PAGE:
Passed: ME TFS at CA
  5. Updated: Passed first try (ME TFS in CA) ME TFS here: I spent about ~30 hours and this might be less time than most of other exam takers. This is because 1. I had a chance to go over undergrad stuff about 10 years ago when I was in a grad school. I had to study for phd prelim exam, which covers wide range of topics in thermo, fluid, heat transfer, and others. Compared to what I studied for the prelim, PE exam questions were much easier. 2. I also did teaching assistant for undergrad thermodynamics courses at least for 2 years, which is a core subject of ME PE exam. In fact, I brought my own thermo summary that I made for undergrad kids for PE exam and it was really helpful. So it was not because I am smart but because I already spent a lot more time than most of others on the topics even though it was long time ago. I just solved NCEES practice exam questions and few problems from MERM to refresh my memory. For me, MERM is overkill. It has lots of details that often beyond level of difficulties that I saw during exam. NCEES practice exam was very reasonable simulation of real exam in terms of difficulty and topics of questions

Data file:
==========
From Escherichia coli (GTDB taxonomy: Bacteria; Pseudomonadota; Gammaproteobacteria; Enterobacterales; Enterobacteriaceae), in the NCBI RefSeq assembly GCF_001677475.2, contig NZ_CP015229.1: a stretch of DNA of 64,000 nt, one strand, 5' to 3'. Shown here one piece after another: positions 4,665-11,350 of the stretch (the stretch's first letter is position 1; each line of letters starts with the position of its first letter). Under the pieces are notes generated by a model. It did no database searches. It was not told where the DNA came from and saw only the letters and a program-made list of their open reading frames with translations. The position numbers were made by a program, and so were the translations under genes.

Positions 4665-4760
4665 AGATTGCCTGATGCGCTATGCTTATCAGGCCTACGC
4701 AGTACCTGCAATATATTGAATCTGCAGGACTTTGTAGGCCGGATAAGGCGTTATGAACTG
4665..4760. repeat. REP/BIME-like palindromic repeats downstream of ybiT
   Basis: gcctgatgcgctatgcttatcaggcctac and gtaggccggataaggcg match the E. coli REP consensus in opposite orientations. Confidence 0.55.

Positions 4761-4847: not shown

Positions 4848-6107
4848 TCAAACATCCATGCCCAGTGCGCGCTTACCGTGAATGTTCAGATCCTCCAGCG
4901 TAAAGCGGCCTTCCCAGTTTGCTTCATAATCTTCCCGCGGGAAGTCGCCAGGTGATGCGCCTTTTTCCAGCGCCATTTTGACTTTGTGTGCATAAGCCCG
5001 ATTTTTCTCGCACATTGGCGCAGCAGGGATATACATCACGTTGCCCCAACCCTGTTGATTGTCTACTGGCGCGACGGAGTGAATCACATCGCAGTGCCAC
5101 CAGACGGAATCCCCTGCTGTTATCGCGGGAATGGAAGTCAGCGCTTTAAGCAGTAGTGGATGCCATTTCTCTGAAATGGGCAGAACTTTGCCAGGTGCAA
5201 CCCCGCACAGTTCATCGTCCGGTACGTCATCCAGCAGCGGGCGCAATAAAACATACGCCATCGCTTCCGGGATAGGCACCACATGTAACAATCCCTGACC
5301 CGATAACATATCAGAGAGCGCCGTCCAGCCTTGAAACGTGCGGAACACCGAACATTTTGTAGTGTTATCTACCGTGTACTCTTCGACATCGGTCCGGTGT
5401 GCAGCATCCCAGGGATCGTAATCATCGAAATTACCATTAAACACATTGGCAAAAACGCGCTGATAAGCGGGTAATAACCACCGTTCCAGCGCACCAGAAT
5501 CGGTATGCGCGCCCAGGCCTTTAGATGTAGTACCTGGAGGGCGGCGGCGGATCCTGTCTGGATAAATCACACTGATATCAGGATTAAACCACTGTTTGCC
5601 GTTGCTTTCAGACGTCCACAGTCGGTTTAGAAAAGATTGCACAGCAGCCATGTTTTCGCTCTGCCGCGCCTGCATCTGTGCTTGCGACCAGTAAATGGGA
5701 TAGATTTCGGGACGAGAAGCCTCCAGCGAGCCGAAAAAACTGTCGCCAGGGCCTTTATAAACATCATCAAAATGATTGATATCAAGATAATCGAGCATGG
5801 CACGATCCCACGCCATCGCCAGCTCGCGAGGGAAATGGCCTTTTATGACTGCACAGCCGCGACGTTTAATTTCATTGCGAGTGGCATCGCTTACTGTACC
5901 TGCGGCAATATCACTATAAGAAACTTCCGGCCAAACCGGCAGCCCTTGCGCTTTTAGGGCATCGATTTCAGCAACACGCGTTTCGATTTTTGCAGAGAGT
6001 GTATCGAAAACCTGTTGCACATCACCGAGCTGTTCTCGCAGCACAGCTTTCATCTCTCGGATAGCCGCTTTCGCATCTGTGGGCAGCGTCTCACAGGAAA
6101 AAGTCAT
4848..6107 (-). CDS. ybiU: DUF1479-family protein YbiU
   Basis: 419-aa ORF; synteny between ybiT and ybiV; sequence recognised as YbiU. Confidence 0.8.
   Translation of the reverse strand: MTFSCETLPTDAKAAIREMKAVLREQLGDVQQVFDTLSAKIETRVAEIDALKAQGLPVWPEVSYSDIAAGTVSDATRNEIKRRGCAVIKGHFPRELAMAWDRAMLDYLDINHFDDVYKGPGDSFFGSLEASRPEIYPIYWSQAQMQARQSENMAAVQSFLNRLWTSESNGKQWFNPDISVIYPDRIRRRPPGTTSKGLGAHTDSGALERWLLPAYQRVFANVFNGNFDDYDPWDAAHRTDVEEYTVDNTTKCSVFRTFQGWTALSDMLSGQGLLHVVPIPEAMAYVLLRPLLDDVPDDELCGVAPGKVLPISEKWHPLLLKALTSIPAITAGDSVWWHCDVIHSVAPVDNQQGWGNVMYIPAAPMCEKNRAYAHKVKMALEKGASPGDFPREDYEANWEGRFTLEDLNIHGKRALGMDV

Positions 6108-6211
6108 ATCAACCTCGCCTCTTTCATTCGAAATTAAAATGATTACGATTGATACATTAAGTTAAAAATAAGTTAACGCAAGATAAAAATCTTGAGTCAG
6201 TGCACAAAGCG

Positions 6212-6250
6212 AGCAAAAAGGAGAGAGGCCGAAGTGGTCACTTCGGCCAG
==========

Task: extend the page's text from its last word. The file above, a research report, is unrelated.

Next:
6. Hello folks I am working on MyNCEES Records while waiting for Apr 2019 PE Exam result. Like many of you, I keep my finger crossed. I wish good news for all. Going back to the original topic, one of items under MyNCEES Records is Professional References, for which NCEES requires 5 references from PE licensed engineers. It says 'references must be engineers who are currently licensed in US' (see below). Problem is it is not that easy for me to find 5 licensed engineers in my field of work (ME TFS) and wondering if it is absolutely necessary to have PE references. How strict this rule is? Is there any way to get waiver? IMHO, I think this is unnecessary restriction especially when many State Boards do not require recommendors be licensed PE because they understand situation like mine, which is quite common. Reference requirements A total of 5 references are required. Can reflect the character and diversity of your experience Is personally acquainted with your professional reputation Is not related to you by blood, marriage, or adoption For engineering applicants, references must be engineers who are currently licensed in the United States. For surveying applicants, references must be surveyors who are currently licensed in the United States. The 5 most current (by date) references that are showing in your account are the references that are sent to a state board. Transmittal requirements At least 3 of the 5 references must be current to transmit your MyNCEES Record. Professional references are current for 12 months from the date received from the reference.